Anxiety is often associated with disrupted sleeping habits and other sleeping difficulties. Anxiety, worry and panic have the potential to keep people awake at night, causing periodic or persistent sleeping problems. Difficulty falling or staying asleep, also known as insomnia, is a reciprocal symptom often connected with anxiety.
An appropriate amount of quality sleep often decreases the severity of anxiety, and treating anxiety often reduces the symptoms of insomnia. Insomnia mostly occurs either simultaneously or shortly after an anxiety disorder begins. Medication and other sleep aids can be useful and effective in treating anxiety.
Ambien is a medication that is commonly prescribed for anxiety-related insomnia and other sleeping difficulties. Ambien is classified as a sedative-hypnotic that works to quiet and slow brain activity to induce sleep. Ambien for anxiety works to relax and calm people with a high level of apprehension. However, Ambien has a high abuse potential and when use is stopped, many people experience rebound insomnia and anxiety.
Does Ambien Help with Anxiety?
In addition to initiating sleep, Ambien helps with anxiety. Ambien is a powerful sedative that initiates sleep and alters brain chemistry. Brain chemistry is changed to begin sedative effects. The medication works by increasing the neurotransmitter gamma-aminobutyric acid (GABA), a chemical messenger in the brain.
The responsibilities of GABA include slowing nerve firing, reducing anxiety levels and muscle tension and helping to initiate sleep. The neurotransmitter also diminishes the impact of brain chemicals which permit a person to fall asleep. The medication is effective for helping people fall asleep but does not assist them in maintaining asleep. Ambien anxiety relief is ultimately facilitated by an increase in the brain’s GABA activity. Ambien’s anti-anxiety benefit is paired with an individual’s ability to obtain restful sleep.
Can Ambien Cause Anxiety?
Ambien can cause anxiety because the medication may cause changes in someone’s cognition, emotion and behavior.
Ambien is typically prescribed for short-term use, as the drug has high abuse potential and can be habit-forming. When taken over an extended period, people can become dependent on Ambien to sleep. Ambien was created as a non-habit-forming alternative to other sleep aids. However, Ambien is a drug that can cause chemical dependency, producing physical and psychological dependence.
If Ambien is taken on a short-term basis and as prescribed, addiction is unlikely to occur. When Ambien is taken for an extended period or taken at higher dosages, the risk of dependence becomes more likely. When used recreationally, Ambien can be administered in unsafe ways, increasing the risk of over-sedation and dependency. When abused at high doses, Ambien can cause increased energy and euphoria.
Ambien is a depressant drug and restrains the central nervous system by preventing the firing of nerves. Long-term use of Ambien can decrease the brain’s ability to self-regulate, causing the brain to stop producing GABA at necessary levels.
When the use of Ambien is discontinued, the body does not know how to function without it. The brain works much faster than usual and tries to adjust by over-compensating the sudden change. This overcompensation triggers a rebound effect, causing the brain to become aroused and produces distressing withdrawal symptoms. The most frequent symptom is rebound insomnia, where the brain has difficulty falling asleep without medical intervention.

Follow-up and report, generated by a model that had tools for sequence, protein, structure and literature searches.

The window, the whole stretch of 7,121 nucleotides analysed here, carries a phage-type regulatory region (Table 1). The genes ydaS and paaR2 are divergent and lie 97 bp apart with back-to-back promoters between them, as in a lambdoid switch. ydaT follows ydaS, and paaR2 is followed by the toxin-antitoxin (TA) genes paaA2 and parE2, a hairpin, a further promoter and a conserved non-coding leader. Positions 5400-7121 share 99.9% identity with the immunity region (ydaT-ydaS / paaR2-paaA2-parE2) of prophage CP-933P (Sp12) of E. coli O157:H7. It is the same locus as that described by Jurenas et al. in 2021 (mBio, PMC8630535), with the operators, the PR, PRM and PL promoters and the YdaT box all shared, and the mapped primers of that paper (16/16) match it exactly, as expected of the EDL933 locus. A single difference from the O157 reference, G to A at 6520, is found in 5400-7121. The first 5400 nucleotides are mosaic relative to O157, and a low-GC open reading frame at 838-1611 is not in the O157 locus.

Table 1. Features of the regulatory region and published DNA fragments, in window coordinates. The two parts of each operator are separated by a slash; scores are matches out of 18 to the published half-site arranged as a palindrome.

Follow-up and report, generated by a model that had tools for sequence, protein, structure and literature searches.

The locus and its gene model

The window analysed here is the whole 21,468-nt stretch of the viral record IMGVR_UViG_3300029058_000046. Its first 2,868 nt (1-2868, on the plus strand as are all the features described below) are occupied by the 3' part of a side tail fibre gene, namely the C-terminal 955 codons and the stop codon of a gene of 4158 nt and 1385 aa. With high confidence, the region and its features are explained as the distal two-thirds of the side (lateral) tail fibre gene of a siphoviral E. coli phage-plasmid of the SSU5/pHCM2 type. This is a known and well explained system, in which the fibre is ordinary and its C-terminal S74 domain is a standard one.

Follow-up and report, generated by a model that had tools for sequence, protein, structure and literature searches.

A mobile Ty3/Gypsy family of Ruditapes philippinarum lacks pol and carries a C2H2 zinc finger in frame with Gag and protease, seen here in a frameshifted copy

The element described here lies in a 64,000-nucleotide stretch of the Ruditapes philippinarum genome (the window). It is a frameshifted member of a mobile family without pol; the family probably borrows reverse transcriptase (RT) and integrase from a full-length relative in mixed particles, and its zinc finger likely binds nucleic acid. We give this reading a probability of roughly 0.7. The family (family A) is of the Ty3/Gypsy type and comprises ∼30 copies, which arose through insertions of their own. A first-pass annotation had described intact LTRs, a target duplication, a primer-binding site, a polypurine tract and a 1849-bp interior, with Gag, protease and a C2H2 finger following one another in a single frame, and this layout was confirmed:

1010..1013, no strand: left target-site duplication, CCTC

Ambien Withdrawal and Anxiety
Anxiety is another Ambien withdrawal symptom and results in increased anxiety. Ambien acts on the same GABA receptors that anti-anxiety medications work on. The neurotransmitter, GABA alleviates anxiety and reduces stress. It slows the central nervous system to prompt relaxation so when someone stops taking Ambien, they are likely to experience anxiety.
Key Points: Ambien and Anxiety
Some relevant facts to remember about Ambien and anxiety include:
- Insomnia often co-occurs with anxiety.
- Ambien is a commonly prescribed medication that acts by increasing GABA activity in the brain to produce a sedative effect, minimizing anxiety and initiating sleep.
- Ambien has high abuse potential and can cause dependence.
- Discontinued use of Ambien can cause the brain to overcompensate by producing rebound insomnia, Ambien withdrawal-related anxiety and other uncomfortable side effects.
If you or someone you know is living with anxiety, insomnia or an Ambien dependence, help is available. Consider contacting the Ambien hotline at The Recovery Village. A representative can help determine if outpatient or inpatient treatment is warranted to assist you in treating anxiety and Ambien addiction.
Ackermann, K. (2018, Nov 16 ). Ambien Withdrawal-Symptoms, Timeline and Tips. Douytaz, M.M. (2018). Ambien Withdrawal Symptoms, Timeline, Causes and Treatment. Fernandez, F. (2017, Aug 14). Ambien & Anxiety. Lautieri, A. (2018, Nov 29). Serious Ambien Side Effects: Memory, Depression, and More.
Ackermann, K. (2018, Nov 16 ). Ambien Withdrawal-Symptoms, Timeline and Tips.
Douytaz, M.M. (2018). Ambien Withdrawal Symptoms, Timeline, Causes and Treatment.
Fernandez, F. (2017, Aug 14). Ambien & Anxiety.
Lautieri, A. (2018, Nov 29). Serious Ambien Side Effects: Memory, Depression, and More.
Medical Disclaimer: The Recovery Village aims to improve the quality of life for people struggling with a substance use or mental health disorder with fact-based content about the nature of behavioral health conditions, treatment options and their related outcomes. We publish material that is researched, cited, edited and reviewed by licensed medical professionals. The information we provide is not intended to be a substitute for professional medical advice, diagnosis or treatment. It should not be used in place of the advice of your physician or other qualified healthcare provider.